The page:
Hidden Consequences: Lessons From Massachusetts For States Considering A Property Tax Cap

Source: Phil Oliff and Iris Lav, Center on Budget and Policy Priorities, May 21, 2008

From the summary:
In 1980 Massachusetts voters approved Proposition 2 ½, which mandates that property tax revenues not exceed 2.5 percent of a community’s assessed value and that a community’s property tax revenue not grow by more than 2.5 percent a year.

Over the two and a half decades Proposition 2 ½ has been in effect, Massachusetts’ level of property taxation has declined. Between 1980 and 1985, property taxes as a percentage of income fell from 76 percent above the national average to 13 percent above the national average, where it stands today. (Massachusetts localities rely more on the property tax than localities in much of the rest of the country because they are not permitted to levy sales or income taxes or various other forms of taxes.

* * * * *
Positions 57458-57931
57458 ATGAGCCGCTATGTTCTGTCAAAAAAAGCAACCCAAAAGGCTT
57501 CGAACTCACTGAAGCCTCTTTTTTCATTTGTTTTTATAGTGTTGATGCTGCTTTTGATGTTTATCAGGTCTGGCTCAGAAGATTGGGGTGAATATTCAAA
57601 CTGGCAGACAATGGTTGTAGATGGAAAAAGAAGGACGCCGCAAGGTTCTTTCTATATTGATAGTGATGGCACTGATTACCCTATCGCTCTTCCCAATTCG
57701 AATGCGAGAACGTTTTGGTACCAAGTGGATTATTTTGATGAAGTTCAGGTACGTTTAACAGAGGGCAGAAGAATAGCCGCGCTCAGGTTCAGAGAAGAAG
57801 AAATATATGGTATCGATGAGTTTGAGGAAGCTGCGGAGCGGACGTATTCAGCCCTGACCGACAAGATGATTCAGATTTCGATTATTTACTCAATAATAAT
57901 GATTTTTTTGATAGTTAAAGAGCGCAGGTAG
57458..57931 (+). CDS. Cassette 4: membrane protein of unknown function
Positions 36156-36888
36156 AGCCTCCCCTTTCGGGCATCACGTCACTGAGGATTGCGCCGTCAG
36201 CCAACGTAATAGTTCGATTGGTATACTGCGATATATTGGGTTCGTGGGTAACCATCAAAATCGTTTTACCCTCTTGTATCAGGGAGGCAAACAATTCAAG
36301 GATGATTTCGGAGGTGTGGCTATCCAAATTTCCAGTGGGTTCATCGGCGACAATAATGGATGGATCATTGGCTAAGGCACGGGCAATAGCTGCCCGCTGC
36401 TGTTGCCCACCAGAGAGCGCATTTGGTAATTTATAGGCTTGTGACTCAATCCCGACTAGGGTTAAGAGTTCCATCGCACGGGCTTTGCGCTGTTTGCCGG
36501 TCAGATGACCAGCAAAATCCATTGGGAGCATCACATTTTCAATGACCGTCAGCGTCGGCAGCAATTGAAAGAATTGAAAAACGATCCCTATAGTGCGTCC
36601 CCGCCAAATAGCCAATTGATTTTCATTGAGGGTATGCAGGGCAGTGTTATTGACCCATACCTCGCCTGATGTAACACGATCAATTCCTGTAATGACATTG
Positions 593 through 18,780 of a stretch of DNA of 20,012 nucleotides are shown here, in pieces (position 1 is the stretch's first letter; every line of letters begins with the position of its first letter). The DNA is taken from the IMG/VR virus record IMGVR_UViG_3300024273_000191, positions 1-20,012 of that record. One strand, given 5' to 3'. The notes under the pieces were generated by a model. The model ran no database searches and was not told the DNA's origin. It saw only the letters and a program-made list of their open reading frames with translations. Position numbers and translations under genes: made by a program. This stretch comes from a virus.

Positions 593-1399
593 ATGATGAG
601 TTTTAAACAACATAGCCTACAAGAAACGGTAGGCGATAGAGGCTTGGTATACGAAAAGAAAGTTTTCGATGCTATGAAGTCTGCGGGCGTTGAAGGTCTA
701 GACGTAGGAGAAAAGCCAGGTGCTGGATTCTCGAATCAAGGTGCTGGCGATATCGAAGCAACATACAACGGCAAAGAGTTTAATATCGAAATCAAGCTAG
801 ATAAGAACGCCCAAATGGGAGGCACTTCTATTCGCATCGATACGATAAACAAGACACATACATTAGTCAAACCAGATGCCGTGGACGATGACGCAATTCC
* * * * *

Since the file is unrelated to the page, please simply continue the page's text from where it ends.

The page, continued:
Because Proposition 2 ½ lowered property taxation in Massachusetts, advocates of limited taxation often cite it as a model for reform. But the story is far more complicated than that. State aid has helped fill in some of the gaps in local funding the law created, but not all of them and not reliably over time. Furthermore, the local “overspending” that proponents claimed Proposition 2 ½ could curb did not exist in the imagined quantities, and necessary public services have been jeopardized.

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